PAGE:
ADR-194: Quests PoC - User tracking

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This document proposes a protobuffer definition and implementation plan for a client-side quests system that can be used in the context of virtual worlds and games. The focus of this document is on user tracking and event processing.

It's a continuation of the previous Quests PoC document: ADR-164.

Context, Reach & Prioritization

The implementation of a quests system in a virtual world or game can greatly enhance the player experience and provide a sense of achievement and progress. This feature is particularly important for virtual worlds and games that have an open-world structure and rely on player-generated content. A client-side quests system can help guide players towards engaging with the available content and provide incentives for players to create their own content.

Solution Space Exploration

The client will use the Decentraland RPC and protocol library to communicate with the QuestsService backend. (WebSockets + ProtoBuffers)

syntax = "proto3";
package decentraland.quests;

message User {
  string user_address = 1;

message StartQuestRequest {
  string user_address = 1;
  string quest_id = 2;

message StartQuestResponse {
  /* There are a few valid reasons not to be accepted:
  *  - Quest is not found
  *  - Quest is deactivated (the owner deleted it)
  *  - User already started the quest
  *  - Internal errors (DB connection failed or something like that) */
  bool accepted = 1;

message AbortQuestRequest {
  string user_address = 1;
  string quest_instance_id = 2;

message AbortQuestResponse {
  /* There are a few valid reasons not to be accepted:
  *  - Quest instance is not found
  *  - Quest instance is from another user 
  *  - Quest instance already aborted
  *  - Internal errors (DB connection failed or something like that) */
  bool accepted = 1;

message Event {
  string user_address = 1;
  Action action = 2;

message EventResponse {
  optional fixed32 event_id = 1;
  bool accepted = 2;

// Example:
// Action {
//   type: "Location",
//   parameters: {
//     x: 10,
//     y: 10,
//   }
// }
message Action {
  string type = 1;
  map<string, string> parameters = 2;

message Task {
  string id = 1;
  optional string description = 2;
  repeated Action action_items = 3;

message StepContent {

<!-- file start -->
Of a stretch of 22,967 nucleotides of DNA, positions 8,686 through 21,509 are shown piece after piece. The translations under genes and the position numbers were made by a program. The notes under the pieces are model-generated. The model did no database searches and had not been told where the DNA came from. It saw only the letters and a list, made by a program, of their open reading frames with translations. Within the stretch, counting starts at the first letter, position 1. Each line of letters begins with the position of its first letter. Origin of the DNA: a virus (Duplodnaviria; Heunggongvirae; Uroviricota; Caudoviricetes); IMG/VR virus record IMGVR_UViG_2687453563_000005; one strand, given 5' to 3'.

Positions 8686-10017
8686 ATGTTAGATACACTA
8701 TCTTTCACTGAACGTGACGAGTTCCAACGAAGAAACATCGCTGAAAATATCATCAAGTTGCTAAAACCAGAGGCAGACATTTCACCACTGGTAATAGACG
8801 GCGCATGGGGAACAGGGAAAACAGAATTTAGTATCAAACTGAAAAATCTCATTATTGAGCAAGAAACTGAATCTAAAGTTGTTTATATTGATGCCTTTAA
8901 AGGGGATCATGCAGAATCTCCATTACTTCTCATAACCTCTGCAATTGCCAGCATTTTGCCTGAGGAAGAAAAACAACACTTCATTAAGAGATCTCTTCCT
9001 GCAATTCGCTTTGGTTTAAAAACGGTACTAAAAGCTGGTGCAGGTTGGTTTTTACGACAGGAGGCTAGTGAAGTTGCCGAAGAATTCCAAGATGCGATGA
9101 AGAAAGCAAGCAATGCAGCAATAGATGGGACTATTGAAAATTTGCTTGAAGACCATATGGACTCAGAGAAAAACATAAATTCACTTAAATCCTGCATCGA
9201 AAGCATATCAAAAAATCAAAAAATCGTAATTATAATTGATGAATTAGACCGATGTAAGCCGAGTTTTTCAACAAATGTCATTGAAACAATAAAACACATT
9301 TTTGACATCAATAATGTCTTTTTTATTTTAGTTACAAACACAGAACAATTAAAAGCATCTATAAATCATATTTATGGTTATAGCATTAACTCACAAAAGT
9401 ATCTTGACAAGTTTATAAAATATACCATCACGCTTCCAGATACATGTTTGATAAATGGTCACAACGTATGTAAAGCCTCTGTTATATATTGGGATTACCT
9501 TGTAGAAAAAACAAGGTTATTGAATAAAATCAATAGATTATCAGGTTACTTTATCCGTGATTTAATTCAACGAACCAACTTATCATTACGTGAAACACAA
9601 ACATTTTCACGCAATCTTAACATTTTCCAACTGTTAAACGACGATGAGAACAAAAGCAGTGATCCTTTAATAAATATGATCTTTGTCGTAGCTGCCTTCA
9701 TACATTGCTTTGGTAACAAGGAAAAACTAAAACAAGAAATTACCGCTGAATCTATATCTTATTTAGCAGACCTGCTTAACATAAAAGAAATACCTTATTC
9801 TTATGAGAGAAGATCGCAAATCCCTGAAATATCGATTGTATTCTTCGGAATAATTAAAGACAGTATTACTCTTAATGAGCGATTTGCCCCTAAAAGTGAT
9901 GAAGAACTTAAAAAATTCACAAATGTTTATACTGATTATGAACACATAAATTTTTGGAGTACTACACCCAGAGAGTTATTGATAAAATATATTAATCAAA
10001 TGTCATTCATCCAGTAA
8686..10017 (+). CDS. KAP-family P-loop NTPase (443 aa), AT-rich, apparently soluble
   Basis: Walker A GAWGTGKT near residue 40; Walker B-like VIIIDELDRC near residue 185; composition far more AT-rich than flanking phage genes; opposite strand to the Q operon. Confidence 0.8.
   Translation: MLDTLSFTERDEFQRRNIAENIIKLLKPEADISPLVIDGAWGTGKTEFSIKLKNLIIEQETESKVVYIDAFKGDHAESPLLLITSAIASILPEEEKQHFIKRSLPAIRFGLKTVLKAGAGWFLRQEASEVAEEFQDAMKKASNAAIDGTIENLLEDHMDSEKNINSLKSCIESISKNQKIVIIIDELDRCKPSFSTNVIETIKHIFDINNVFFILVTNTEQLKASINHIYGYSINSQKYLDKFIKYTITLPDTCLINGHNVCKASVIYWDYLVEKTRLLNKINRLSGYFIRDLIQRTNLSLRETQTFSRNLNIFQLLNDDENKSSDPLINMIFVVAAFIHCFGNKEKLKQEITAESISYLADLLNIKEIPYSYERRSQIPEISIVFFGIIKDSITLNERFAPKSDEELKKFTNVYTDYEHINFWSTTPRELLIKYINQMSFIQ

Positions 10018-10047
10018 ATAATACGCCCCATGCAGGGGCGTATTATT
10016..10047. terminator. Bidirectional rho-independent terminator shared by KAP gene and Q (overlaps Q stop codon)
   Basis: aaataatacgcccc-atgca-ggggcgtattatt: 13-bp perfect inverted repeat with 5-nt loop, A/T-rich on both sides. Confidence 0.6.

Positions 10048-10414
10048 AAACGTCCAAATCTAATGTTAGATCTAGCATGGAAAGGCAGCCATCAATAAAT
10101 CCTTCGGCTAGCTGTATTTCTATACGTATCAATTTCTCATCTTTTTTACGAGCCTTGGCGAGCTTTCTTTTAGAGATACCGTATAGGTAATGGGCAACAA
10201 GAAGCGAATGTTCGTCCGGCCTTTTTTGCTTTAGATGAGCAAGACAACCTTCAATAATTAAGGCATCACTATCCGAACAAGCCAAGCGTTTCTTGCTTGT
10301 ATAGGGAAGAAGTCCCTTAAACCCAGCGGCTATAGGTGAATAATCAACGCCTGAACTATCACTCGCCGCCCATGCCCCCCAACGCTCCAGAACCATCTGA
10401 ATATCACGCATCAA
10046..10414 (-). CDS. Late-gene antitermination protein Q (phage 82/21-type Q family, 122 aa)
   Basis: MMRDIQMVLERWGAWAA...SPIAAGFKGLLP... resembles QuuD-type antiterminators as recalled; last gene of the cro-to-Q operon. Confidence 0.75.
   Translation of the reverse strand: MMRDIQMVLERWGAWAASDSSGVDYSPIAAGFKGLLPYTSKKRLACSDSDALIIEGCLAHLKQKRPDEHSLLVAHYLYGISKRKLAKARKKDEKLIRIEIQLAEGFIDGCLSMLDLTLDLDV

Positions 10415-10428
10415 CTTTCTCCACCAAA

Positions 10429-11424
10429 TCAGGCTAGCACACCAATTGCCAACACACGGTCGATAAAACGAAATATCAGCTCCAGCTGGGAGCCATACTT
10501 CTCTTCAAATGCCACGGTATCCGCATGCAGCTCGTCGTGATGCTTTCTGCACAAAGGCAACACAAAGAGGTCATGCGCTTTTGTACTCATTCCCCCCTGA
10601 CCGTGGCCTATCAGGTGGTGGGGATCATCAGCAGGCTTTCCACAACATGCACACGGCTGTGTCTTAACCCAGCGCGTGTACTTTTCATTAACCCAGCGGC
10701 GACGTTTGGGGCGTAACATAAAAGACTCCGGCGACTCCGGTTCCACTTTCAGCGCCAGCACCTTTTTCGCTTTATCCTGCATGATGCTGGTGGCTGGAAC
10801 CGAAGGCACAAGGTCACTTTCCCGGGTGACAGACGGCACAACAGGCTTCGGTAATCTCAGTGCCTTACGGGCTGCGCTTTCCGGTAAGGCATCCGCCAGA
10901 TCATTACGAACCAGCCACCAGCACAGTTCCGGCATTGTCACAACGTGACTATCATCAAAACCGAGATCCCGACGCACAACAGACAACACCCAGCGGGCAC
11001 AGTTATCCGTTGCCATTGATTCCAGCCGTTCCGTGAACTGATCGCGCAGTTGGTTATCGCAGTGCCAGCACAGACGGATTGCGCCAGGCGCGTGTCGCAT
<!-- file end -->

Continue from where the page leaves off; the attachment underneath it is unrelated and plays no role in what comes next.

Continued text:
repeated Task to_dos = 1;
  repeated string task_completed = 2;

message QuestState {
  // Every step has one or more tasks. 
  // Tasks description and completed tasks are tracked here.
  map<string, StepContent> current_steps = 1;
  fixed32 steps_left = 2;
  repeated string steps_completed = 3;
  repeated string required_steps = 4;

message UserUpdate {
  oneof message {
    repeated QuestState quest_state = 1;
    fixed32 event_ignored = 2;

service QuestsService {
  // User actions
  rpc StartQuest(StartQuestRequest) returns (StartQuestResponse) {}
  rpc AbortQuest(AbortQuestRequest) returns (AbortQuestResponse) {}
  rpc SendEvent(Event) returns (EventResponse) {}

  // Listen to changes in quest states and event processing updates
  rpc Subscribe(UserAddress) returns (stream UserUpdate) {}

The QuestsService is a service defined in the protocol buffer specification, which consists of four RPC (remote procedure call) methods:

Once this client is implemented, it would be used to develop a Global Scene in charge of the Quest UI and user tracking logic. Using the SDK UI components is recommended, so it works on any Explorer implementation.

Quests UI

For this PoC, the UI will show the list of current quests and their states, i.e., showing the completed and next steps for each quest with their respective descriptions.

Quest User Tracking

Ideally, users should not send repeated or non interesting events to the backend, to avoid extra communication and event processing. This piece of code would contain the logic to know which events are interesting and not yet sent, according to the current state of the user's quests. Finally, sending those events should be part of this scene code. A non-interesting event is an user action that doesn't make any progress in any quest.

RFC 2119 and RFC 8174

The key words "MUST", "MUST NOT", "REQUIRED", "SHALL", "SHALL NOT", "SHOULD", "SHOULD NOT", "RECOMMENDED", "NOT RECOMMENDED", "MAY", and "OPTIONAL" in this document are to be interpreted as described in RFC 2119 and RFC 8174.


Copyright and related rights waived via CC0-1.0. Draft